If we start as we mean to go on, the London 2012 Olympics should be a cracker for Blighty, with our 80,000-seater Olympic stadium completed way ahead of schedule. What is a worry, however, is our ability to provide hospitality for such an event, expected to bring in £2billion from visitors. New College Nottingham (ncn) is well aware of the UK skills shortage and has invested in new training facilities to better prepare its protégés for the real world. By choosing Hatco equipment, it has also slashed its energy bills by 25 percent…
Fit for purpose
With a well-publicised skills shortage in UK catering and hospitality, today's youngsters are being encouraged to take a good look at the industry as a serious career path.
One of the challenges is that college kitchens and restaurants are not always set up to give the next generation a proper grounding in these often highly pressurised vocations.
Until a year ago, the Catering and Hospitality department at ncn Clarendon campus was in the same boat. While it had a training kitchen and a restaurant, Newstead, these no longer presented the full range of challenges seen in a modern real work environment.
The chance to shake things up emerged when plans to replace Newstead restaurant with a refreshing, realistic work environment were given the green light, to better reflect modern consumer trends and stave off the threat from the high street with its many eating venues.
The contemporary U Choose food court opened in September 2008 and serves up to 3,500 students and staff every day, with a mix of healthy ‘cook from fresh' menu offers, grab and go options, freshly-made pizzas and burgers, pasta and paninis, fresh sandwiches, baguettes, salads, cakes and desserts, vegetarian options and daily specials.
As part of the £350,000 refurbishment, the existing training kitchen was replaced with a new skills suite for catering students, with their freshly prepared dishes feeding into an adjoining production kitchen run by the in-house Catering and Hospitality teaching and training team.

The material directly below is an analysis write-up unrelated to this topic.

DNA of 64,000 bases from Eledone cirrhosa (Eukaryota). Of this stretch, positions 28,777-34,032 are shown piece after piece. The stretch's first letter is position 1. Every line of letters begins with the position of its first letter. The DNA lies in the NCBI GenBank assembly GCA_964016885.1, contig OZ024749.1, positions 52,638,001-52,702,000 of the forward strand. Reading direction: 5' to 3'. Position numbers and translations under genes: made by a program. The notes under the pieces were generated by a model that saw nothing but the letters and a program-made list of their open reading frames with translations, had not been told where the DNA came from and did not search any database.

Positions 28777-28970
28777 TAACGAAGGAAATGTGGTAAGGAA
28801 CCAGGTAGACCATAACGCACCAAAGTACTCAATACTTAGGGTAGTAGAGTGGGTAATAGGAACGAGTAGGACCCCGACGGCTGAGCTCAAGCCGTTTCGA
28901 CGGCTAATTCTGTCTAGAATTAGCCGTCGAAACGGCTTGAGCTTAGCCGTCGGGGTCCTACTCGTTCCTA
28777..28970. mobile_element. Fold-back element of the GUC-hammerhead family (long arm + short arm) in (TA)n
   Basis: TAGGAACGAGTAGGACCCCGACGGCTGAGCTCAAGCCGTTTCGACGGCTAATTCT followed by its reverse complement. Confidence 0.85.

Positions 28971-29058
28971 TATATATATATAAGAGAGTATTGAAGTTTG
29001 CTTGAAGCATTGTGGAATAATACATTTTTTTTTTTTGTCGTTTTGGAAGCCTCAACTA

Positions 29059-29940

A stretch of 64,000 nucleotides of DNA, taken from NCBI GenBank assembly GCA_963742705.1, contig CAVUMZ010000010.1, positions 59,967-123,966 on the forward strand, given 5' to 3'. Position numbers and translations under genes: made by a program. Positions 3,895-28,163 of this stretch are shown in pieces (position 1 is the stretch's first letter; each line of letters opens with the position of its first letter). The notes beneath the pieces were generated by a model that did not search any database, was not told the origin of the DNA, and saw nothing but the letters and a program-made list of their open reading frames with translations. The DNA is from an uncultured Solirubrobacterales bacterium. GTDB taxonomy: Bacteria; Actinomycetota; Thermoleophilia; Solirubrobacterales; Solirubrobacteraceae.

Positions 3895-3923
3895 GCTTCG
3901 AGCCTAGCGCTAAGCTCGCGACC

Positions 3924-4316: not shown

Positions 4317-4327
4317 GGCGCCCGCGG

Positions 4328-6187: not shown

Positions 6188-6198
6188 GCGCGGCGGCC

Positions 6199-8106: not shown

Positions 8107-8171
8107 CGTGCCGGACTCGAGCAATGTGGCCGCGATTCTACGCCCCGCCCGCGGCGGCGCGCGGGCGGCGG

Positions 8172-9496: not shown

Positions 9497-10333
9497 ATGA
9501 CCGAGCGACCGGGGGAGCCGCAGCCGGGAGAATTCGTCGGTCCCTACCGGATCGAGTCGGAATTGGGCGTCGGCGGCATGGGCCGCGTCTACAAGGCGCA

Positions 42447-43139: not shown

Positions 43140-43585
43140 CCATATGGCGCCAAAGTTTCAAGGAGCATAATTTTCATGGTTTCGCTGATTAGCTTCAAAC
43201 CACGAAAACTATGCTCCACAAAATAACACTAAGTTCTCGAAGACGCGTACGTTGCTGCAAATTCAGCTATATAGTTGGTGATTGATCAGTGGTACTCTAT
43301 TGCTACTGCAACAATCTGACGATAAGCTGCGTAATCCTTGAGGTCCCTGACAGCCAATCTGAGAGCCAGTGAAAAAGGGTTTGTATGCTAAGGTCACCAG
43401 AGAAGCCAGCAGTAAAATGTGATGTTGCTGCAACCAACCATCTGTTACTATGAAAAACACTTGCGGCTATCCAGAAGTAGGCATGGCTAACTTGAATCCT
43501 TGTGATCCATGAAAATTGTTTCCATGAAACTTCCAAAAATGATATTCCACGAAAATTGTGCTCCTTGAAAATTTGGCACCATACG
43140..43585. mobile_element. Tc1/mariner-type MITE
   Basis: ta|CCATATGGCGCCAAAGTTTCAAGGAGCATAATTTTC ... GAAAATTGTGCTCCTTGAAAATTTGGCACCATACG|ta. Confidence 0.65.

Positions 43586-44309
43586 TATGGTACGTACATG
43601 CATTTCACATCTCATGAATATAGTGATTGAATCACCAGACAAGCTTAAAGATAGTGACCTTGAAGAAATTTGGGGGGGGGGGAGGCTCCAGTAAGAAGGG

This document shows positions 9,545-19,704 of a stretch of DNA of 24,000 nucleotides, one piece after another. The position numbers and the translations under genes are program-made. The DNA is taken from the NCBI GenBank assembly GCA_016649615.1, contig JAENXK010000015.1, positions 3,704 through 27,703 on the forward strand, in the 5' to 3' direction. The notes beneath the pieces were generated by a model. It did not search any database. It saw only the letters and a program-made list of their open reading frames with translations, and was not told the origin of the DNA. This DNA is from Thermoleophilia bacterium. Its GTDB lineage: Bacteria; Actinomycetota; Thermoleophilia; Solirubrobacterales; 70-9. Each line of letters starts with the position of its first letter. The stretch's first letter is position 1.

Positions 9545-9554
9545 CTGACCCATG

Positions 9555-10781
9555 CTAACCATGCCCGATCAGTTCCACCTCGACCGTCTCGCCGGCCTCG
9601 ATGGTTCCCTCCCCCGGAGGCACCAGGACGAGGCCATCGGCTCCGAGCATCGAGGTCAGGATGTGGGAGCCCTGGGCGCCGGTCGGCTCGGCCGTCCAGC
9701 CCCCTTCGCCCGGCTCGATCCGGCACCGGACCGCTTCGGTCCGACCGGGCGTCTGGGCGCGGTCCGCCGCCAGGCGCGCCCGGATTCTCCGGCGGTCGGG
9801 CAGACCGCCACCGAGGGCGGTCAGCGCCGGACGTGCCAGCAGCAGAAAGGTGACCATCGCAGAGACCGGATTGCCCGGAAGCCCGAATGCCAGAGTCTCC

"Students wanting to hone their fine dining skills can still do so at our award-winning Adams Restaurant and Brasserie at ncn City campus," said ncn Director of Lifestyles, Adrian Pratt.
"Newstead restaurant at our Clarendon campus was a traditional college training restaurant, typical of kitchens built in the 1960s, so had become much less fit for purpose.
"It no longer provided the right opportunities, knowledge and skills for around 200 catering and hospitality students, whereas now they get to freshly prepare hot and cold dishes in the new Skills Suite with the added bonus of working with branded products in the food court.''
"For example, we now have a Starbucks coffee bar on site. Students train on the specialist equipment to a standard that improves their prospects of gaining employment at a supervisory level with a successful company. The idea behind the new facilities was to provide a better grounding, whether students use their qualifications as a route to an apprenticeship or foundation degree, or to enable them to progress confidently and competently into employment."